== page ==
Huawei came out swinging against reports it stole smartphone-camera technology
- Huawei has published a fiery public denial against recent allegations that it stole smartphone-camera technology.
- The Wall Street Journal reported last week that US prosecutors are following new lines of enquiry into Huawei over alleged intellectual property thefts. One line of enquiry centered around a Portuguese multimedia producer who claims Huawei infringed on his US patent for a smartphone camera.
- But Huawei denied the claims in the Journal's report, showing side-by-side images of the patented design against its own allegedly infringing camera.
- Huawei also lashed out more generally against the US, claiming it had been the target of cyberattacks, and that FBI agents had tried to intimidate its employees into acting as spies.
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Huawei has issued an acerbic public statement following a report from the Wall Street Journal last week that US prosecutors are investigating new allegations of intellectual property theft.
One of the lines of investigation mentioned in the Journal's report was a claim from a Portuguese multimedia producer called Rui Oliveira, who accused Huawei of infringing on smartphone camera tech patents that he had filed in the US.
"Huawei categorically rejects Mr. Oliveira's claims of patent infringement, and has provided detailed documents in support of its stance," Huawei said in its press statement.
According to Huawei, Oliveira pitched the company his camera design in 2014, which the company did not take up.
In its statement, Huawei provided a side-by-side comparison of its EnVizion 360 panoramic camera with Oliveira's design. The Journal didn't specify which model of Huawei camera allegedly infringed Oliveira's design.
"Unlike Mr. Oliveira's single-lens and expandable design, Huawei's camera was non-expandable, featured lenses on both sides designed for panoramic pictures," Huawei says.
"It's clear that Mr. Oliveira is taking advantage of the current geopolitical situation," Huawei wrote.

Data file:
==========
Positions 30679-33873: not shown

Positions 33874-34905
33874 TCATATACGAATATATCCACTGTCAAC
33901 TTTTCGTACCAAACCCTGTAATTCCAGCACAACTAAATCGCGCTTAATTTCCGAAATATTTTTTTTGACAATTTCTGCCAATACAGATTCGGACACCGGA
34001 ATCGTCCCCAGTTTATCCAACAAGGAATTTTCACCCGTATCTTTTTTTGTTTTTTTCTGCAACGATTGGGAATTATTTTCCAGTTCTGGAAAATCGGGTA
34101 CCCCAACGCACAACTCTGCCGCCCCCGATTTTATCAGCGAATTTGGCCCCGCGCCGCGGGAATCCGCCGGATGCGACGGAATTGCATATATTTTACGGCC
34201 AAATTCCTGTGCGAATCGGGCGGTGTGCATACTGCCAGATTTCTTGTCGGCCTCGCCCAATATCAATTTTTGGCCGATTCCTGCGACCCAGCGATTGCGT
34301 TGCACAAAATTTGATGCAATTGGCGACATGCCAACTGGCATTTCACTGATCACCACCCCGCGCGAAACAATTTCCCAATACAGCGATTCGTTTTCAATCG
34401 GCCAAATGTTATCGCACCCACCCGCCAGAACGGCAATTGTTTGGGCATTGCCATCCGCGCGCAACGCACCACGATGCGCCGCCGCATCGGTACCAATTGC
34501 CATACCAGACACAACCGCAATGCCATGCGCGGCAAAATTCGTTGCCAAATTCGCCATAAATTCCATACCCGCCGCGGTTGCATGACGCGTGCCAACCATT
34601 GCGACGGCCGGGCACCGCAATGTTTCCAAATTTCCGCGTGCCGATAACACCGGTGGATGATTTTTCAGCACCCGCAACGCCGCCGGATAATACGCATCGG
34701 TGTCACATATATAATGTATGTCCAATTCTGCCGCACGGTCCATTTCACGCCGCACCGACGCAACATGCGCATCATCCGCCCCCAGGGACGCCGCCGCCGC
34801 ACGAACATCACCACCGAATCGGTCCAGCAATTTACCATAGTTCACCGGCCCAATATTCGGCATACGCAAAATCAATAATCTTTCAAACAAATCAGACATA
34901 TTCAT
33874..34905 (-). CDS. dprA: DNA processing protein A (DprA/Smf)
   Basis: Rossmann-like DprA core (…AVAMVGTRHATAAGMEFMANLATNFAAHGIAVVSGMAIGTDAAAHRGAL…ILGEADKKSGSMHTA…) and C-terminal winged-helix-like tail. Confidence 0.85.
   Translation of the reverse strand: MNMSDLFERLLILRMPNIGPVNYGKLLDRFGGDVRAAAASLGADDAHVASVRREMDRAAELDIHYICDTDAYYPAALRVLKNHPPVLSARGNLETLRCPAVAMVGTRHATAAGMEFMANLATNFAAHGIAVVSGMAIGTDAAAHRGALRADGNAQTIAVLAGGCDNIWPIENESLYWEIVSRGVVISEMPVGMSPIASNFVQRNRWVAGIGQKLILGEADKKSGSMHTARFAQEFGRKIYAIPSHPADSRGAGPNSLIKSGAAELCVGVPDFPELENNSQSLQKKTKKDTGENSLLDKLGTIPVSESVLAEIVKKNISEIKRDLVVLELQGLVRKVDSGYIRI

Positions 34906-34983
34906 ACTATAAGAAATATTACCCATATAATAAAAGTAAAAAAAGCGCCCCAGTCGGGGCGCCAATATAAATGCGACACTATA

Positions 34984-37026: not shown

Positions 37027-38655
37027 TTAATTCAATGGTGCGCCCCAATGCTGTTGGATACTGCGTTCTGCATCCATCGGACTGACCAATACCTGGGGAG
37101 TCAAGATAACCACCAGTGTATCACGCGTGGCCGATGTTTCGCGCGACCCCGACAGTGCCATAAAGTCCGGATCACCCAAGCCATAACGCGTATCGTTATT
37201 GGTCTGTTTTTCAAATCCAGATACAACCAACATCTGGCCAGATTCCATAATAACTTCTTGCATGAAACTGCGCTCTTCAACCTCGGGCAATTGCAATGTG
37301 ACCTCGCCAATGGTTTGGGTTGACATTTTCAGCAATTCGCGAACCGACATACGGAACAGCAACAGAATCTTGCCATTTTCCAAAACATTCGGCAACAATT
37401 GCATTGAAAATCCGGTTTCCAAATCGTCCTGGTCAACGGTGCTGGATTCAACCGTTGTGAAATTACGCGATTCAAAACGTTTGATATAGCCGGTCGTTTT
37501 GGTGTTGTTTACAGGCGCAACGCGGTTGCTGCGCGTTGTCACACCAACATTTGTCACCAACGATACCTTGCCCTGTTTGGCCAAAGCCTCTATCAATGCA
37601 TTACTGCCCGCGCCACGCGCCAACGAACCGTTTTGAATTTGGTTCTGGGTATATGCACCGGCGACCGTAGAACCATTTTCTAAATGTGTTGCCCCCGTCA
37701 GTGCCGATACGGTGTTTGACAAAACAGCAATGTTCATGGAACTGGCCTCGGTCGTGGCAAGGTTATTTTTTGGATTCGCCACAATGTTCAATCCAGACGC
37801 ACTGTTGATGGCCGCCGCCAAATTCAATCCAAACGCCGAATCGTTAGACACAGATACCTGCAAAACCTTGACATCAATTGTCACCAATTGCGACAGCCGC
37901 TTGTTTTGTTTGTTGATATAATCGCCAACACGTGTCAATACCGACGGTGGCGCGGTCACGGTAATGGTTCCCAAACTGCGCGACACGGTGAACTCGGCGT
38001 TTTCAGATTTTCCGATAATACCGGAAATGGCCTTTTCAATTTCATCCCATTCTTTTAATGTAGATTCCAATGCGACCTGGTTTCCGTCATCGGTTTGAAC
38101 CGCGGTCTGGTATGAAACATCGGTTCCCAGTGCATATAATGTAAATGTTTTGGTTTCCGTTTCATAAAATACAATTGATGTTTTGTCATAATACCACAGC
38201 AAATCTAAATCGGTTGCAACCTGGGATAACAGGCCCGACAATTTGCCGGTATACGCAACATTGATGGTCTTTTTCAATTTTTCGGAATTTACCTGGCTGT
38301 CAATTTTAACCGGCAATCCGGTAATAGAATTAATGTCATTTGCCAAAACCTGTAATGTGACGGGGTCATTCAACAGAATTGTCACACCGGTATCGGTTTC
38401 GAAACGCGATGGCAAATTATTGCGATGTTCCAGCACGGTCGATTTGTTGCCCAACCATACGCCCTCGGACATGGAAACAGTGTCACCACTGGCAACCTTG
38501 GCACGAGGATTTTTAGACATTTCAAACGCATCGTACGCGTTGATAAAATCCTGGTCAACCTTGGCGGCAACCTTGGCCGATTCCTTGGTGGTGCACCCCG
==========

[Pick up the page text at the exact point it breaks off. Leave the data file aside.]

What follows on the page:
The company is currently locked in a firefight with the US government, which blacklisted Huawei in May on national security grounds, as it claims the company acts as a proxy for Chinese government to spy. Huawei denies this.
Huawei claims that Oliveira sent threatening emails from April 2018 to March 2019 claiming he would go to the media or go through "political channels" if Huawei didn't pay out. It claims that he tried to exert pressure through "senior government officials," although it doesn't name names.
Huawei accused the US of trying to recruit its employees as internal spies
In its statement, Huawei went on to portray Oliveira's allegations against the company as a mutually beneficial scheme for himself and the US government, claiming the US has been using "both judicial and administrative powers" to disrupt Huawei's business.
It then presented a long list of tactics the US has allegedly deployed, including:
- Searching, detaining, and arresting Huawei staffers and partners.
- Launching cyber attacks to infiltrate Huawei's intranet and internal information systems.
- Sending FBI agents to the homes of Huawei employees to try and recruit them to hand over information.
- Reexamining "old civil cases that have already been settled", and "selectively" filing criminal charges of technology theft.
Huawei didn't provide any specific examples for any of the allegations. The FBI was not immediately available for comment when contacted by Business Insider.
Huawei is already facing intellectual theft charges in the US. In January the Justice Department indicted Huawei for allegedly trying to steal a device-testing robot called "Tappy" from T-Mobile.
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